The STORY FRAMES method is broken down into twelve basic elements or Story Frames based on the Hero's Journey as originally discussed by Joseph Campbell in The Hero With A Thousand Faces and later adapted for screenwriters and novelists by Christopher Vogler in The Writers Journey: Mythic Structure for Writers (Now in its 25th year). Other books on story plotting that influenced STORY FRAMES are found at the end of this post. I use the term "Hero's" Journey loosely. Heroes come in all shapes and sizes and their adventures don’t have to be epic odysseys to be life-changing. Stories do not necessarily contain all of the components outlined, and they don’t always occur in the order given below. In longer stories, many of the elements are repeated. The purpose of this analysis is to help students and other writers to recognize what is going on in stories and to begin to think like authors.

The twelve elements of STORY FRAMES include:

1. Ordinary World
2. Call and Response
3. Mentors, Guides, and Gifts
4. Crossing
5. New World
6. Problems, Prizes, and Plans
7. Midpoint Attempt
8. Downtime
9. Chase and Escape
10. Death and Transformation
11. Climax: The Final Test
12. Final Reward

To find out more about my story analysis method, visit the STORY FRAMES tab on this blog. Check out my fiction novels HERE.

There are many excellent books that have influenced my plotting techniques. For further reading I recommend:

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Friday, February 5, 2021

The Interesting History of Curious George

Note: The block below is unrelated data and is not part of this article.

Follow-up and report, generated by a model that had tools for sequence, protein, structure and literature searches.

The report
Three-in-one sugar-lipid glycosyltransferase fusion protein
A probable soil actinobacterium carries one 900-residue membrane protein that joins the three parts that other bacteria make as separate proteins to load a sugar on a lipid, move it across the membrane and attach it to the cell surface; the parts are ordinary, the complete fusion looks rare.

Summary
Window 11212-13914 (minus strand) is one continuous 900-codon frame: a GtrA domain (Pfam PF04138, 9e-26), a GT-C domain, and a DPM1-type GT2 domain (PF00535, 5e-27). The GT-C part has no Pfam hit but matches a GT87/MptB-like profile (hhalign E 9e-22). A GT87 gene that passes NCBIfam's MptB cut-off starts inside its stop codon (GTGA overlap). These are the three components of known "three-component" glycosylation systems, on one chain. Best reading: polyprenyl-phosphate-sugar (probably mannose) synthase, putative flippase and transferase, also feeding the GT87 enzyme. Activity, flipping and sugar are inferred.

Cover from CURIOUS George by H.A. Rey. Copyright © 1941,

renewed 1969 by Margret E. Rey and H.A. Rey. Curious George®,

including without limitation the character’s name and the character’s

likenesses, are registered trademarks of Houghton Mifflin

Harcourt Publishing Company.Used by permission. All rights reserved


Although the focus of my book, Story Frames for Teaching Literacy, is on narrative non-fiction, I also discuss story structure through the use of fictional books like those found in the Curious George series. I was delighted to discover a nonfiction connection in a story of how the creators of the famous series, Hans Augusto Rey and his wife, Margaret Rey, fled from Paris to escape the Nazis in 1940 by bicycle during World War 2. Now I can explore historical events and connect to the social studies curriculum with my students even while exploring something as fanciful as a monkey getting into trouble through a series of comical misadventures.

One of the only items the Reys were able to take with them when they escaped Paris was the manuscript for Curious George. They eventually ended up in the U.S. where the first book in the series was published in 1941. Many of the books are available in Spanish and other languages. The last book in the original series was published in 1966 and entitled, Curious George Goes to the Hospital. Subsequent books have come out written by other writers such as Curious George Goes to the Bookstore.


A BOOKSTORE. Jacket art © 2014 by Houghton Mifflin Harcourt

Publishing Company. Curious George®, including without limitation

the character’s name and the character’s likenesses,

are registered trademarks of Houghton Mifflin Harcourt Publishing

Company. Used by permission. All rights reserved.

Read about the escape of the Rey’s in The JourneyThat Saved Curious George: The True Wartime Escape of Margaret and H.A. Rey, written by Louise Borden and illustrated by Allan Drummond. ISBN 978-054-7417462. 80 pages. (2010) HMH.

Blog by HMH

For suggestions for how students can create their own Curious George stories, see the author's note at the end of Curious George Goes to the Bookstore.